Goodwin said he and colleagues reported that among patients treated for BD, the risk of suicide attempt and suicide death was lower during treatment with lithium than during treatment with divalproex (Goodwin et al., 2003). The study compared suicide attempts and completions in 20,638 people ages 14 or older with BD who belonged to two large integrated health plans in Washington state and California. A total of 12,358 had taken divalproex and 11,303 had taken lithium. A few had also used carbamazepine, though the numbers were too small to make sound comparisons.

Fifty-three people committed suicide during the study period; 338 attempted suicide as recorded as a hospital discharge diagnosis; and an additional 642 attempted suicide as recorded by emergency department personnel. Researchers found that the risk of suicide attempt or suicide death was 1.5 to three times higher during periods of treatment with divalproex than during periods of treatment with lithium.

"Remember that suicide is not only a tragic outcome, it is the No.1 reason that psychiatrists are sued," Goodwin warned at the press conference. "So from a risk prevention strategy, for the clinician to not know how to give lithium is a major deficit."

With proper therapeutics, the success rate for treating bipolar disorder is about 70% to 80%, Goodwin said. He acknowledged that some of the newer drugs for BD are "wonderful and fill important niches." Part of the clinician's skill is in knowing which drug is right for a particular patient.

"There are studies now showing that lithium responders are often nonresponders or partial/poor responders to alternatives, and likewise lithium nonresponders are often good responders to the alternatives," Goodwin said.

He explained that patients with classical bipolar disorder (bipolar I disorder without mood-incongruent delusions and without comorbidity) seem to respond best to lithium (Kleindienst and Greil, 2000). Additionally, long-term studies show that patients who get completely well during episodes are lithium responders, Goodwin said. On the other hand, there is evidence that divalproex is superior to lithium for mixed bipolar episodes (Bowden et al., 1994) and some evidence of a better response to carbamazepine or divalproex than lithium among comorbid substance abusers (Goldberg et al., 1999).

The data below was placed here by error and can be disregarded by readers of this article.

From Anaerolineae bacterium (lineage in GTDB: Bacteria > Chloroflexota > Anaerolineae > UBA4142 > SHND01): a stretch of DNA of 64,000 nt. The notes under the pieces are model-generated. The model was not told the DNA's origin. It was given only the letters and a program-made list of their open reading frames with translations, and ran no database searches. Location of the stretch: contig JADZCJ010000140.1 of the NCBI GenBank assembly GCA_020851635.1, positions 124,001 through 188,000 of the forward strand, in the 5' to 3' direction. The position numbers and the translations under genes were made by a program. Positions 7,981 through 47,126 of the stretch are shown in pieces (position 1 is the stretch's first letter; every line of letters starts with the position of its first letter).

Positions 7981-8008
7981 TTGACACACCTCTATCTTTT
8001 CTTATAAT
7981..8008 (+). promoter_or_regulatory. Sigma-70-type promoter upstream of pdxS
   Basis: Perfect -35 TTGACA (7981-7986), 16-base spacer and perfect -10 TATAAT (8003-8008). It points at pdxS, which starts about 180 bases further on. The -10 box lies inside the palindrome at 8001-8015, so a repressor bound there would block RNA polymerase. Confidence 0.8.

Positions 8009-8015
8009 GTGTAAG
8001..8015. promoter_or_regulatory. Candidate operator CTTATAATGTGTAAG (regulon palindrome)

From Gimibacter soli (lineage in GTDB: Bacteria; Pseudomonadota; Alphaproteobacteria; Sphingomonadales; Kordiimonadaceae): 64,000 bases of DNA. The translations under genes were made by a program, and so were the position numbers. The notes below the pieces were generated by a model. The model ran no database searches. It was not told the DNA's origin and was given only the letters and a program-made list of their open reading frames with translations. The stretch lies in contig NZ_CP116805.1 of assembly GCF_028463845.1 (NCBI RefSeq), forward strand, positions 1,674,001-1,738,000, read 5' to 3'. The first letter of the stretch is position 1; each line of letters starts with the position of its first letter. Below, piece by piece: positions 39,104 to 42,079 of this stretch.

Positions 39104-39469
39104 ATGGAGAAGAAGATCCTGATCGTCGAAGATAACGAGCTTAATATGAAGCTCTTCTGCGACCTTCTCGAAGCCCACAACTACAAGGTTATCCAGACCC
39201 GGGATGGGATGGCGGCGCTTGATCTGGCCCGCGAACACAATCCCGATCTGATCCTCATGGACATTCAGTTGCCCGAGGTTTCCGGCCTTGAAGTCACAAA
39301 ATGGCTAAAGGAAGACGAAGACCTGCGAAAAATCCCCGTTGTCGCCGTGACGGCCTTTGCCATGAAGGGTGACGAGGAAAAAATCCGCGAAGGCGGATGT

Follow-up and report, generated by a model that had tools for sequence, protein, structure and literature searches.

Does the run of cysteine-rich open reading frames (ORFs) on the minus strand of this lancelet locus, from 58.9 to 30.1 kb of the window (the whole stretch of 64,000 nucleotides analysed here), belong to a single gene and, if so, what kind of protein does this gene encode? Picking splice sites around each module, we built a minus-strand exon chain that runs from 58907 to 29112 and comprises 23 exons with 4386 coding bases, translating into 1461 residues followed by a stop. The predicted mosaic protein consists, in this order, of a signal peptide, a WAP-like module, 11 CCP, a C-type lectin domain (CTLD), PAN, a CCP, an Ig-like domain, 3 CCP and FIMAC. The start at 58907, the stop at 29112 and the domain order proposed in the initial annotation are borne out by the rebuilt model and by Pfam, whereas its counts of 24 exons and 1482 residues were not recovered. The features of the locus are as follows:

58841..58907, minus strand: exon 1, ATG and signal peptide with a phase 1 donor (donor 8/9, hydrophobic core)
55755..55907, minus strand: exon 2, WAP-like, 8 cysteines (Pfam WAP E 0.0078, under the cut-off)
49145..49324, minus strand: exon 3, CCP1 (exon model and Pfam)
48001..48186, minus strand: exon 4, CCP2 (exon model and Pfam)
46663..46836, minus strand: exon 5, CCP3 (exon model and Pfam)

The ability to monitor levels in the office has advantages for providing very careful tracking of patients during special circumstances and for possibly increasing adherence to the medication. "Real toxicity is about twice the therapeutic levels of lithium," Goodwin said. "Maintenance levels for bipolar I disorder are in the range of 0.6 mEq/L to 0.8 mEq/L, and for bipolar II [disorder], 0.4 mEq/L to 0.6 mEq/L."

There are specific times, Goodwin said, when he might want to know more about his patients' lithium levels and have the levels monitored frequently. For example, if a patient experiences breakthrough depression, one of the strategies that works well is to increase the lithium levels temporarily. If a patient has started a vigorous exercise program, such as training for the Boston Marathon, Goodwin said he would want to know the effects of sweating on the patient's lithium levels.